Tuesday, March 24, 2009

"Cancion del arbol del olvido" by Ginastera

Composer: Alberto Ginastera (1916-1983)
Alfredo Kraus, tenor
José Todesillas, pianist

El arbol del olvido

En mis pagos hay un arbol
Que del olvido se llama,
Al que van a despenarse,
Vidalitay, Vidalitay,
Los moribundos del alma.

Para no pensar en vos
Bajo el arbol del olvido
Me acosté una nochecita,
Vidalitay, Vidalitay,
Y me quedé bien dormido.

Al despertar de aquel sueño
Pensaba en vos otra vez,
Pues me olvidé de olvidarte,
Vidalitay, Vidalitay,
Encuantito me acosté.


The Tree of forgetting

In my neighbourhood there is a tree
that's called the tree of forgetting,
to which go to lay down their troubles,
Vidalitay, Vidalitay,
Those whose souls are dying.

So that I would no longer think of you
under the tree of forgetting
I lay down one evening,
Vidalitay, Vidalitay,
And I fell fast asleep.
When I awoke from that dream
I thought of you once again,
because I forgot to forget you,
Vidalitay, Vidalitay,
as soon as I lay down.

Translations are from
Lied and Art Song Page


  1. Great presence from both Kraus and Todesillas! I wanted more of this wonderful singer- pianist dance.

  2. I although I enjoy both parts individually I do not enjoy the ensemble between these two performers. The singer is far too loud to my ears and has complete clarity where the pianist does not. The pianist's playing is mysterious which I love. Perhaps these problems are to be blamed on the recording. I love Ginastera's musical language, just incredible.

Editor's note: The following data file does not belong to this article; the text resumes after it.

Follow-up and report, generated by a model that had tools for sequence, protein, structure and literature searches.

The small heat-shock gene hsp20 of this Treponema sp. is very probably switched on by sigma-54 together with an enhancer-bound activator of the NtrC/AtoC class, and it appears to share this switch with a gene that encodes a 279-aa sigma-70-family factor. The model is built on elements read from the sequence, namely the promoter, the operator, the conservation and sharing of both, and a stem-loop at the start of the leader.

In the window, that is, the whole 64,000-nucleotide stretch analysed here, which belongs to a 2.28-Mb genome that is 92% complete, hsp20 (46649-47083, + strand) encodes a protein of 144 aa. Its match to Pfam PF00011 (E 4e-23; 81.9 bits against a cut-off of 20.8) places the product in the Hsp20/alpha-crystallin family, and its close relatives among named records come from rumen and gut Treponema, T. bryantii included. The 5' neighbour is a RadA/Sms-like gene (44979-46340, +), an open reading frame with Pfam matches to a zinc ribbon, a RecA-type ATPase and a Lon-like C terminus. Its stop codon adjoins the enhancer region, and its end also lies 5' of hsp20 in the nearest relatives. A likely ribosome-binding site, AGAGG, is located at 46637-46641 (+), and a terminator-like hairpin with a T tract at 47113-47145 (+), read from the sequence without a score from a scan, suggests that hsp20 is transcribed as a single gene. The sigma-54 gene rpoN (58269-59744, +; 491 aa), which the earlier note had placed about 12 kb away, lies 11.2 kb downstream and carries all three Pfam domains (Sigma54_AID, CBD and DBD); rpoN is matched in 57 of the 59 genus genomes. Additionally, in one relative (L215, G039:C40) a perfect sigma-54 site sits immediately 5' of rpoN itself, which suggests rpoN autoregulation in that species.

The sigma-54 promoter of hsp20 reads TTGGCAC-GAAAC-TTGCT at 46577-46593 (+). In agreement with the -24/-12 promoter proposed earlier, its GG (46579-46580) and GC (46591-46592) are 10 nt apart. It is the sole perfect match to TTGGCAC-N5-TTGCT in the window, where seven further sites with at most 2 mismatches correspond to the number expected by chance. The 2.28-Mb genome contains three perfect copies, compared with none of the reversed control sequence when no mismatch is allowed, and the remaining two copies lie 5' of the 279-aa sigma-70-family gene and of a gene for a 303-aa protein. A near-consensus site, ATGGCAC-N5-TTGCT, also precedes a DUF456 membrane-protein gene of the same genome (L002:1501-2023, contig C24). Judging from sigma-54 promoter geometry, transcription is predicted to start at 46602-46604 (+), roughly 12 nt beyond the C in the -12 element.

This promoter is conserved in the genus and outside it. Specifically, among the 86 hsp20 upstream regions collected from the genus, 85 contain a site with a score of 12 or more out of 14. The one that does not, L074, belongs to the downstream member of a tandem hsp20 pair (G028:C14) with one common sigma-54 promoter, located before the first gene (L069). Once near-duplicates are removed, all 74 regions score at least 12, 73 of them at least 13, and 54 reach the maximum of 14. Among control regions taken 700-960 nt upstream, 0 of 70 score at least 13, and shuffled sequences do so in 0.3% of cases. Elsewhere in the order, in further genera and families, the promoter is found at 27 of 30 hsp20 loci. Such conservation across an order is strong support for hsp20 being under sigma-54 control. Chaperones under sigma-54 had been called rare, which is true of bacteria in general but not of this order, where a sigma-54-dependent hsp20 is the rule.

3. I so enjoy the pianist's separation of the right hand from the left. The two parts are completely autonomous and it lends the piece a lot of the surreality or ethereal aura it deserves. The swaying back and forth between the rhythm and the melody accurately portrays the sleep, dreaming, and also perhaps a gentle breeze that moves the leaves on the tree.

  4. I'm very fond of Todesilla's piano playing. That's why I put this one up. I think Derek says it quite well. I also like his almost jazzy approach to the rhythm and his voicing of the harmonies is ideal.

    Here's one I just found. Quirky, some intonation issues, but still intriguing.
    Take a listen.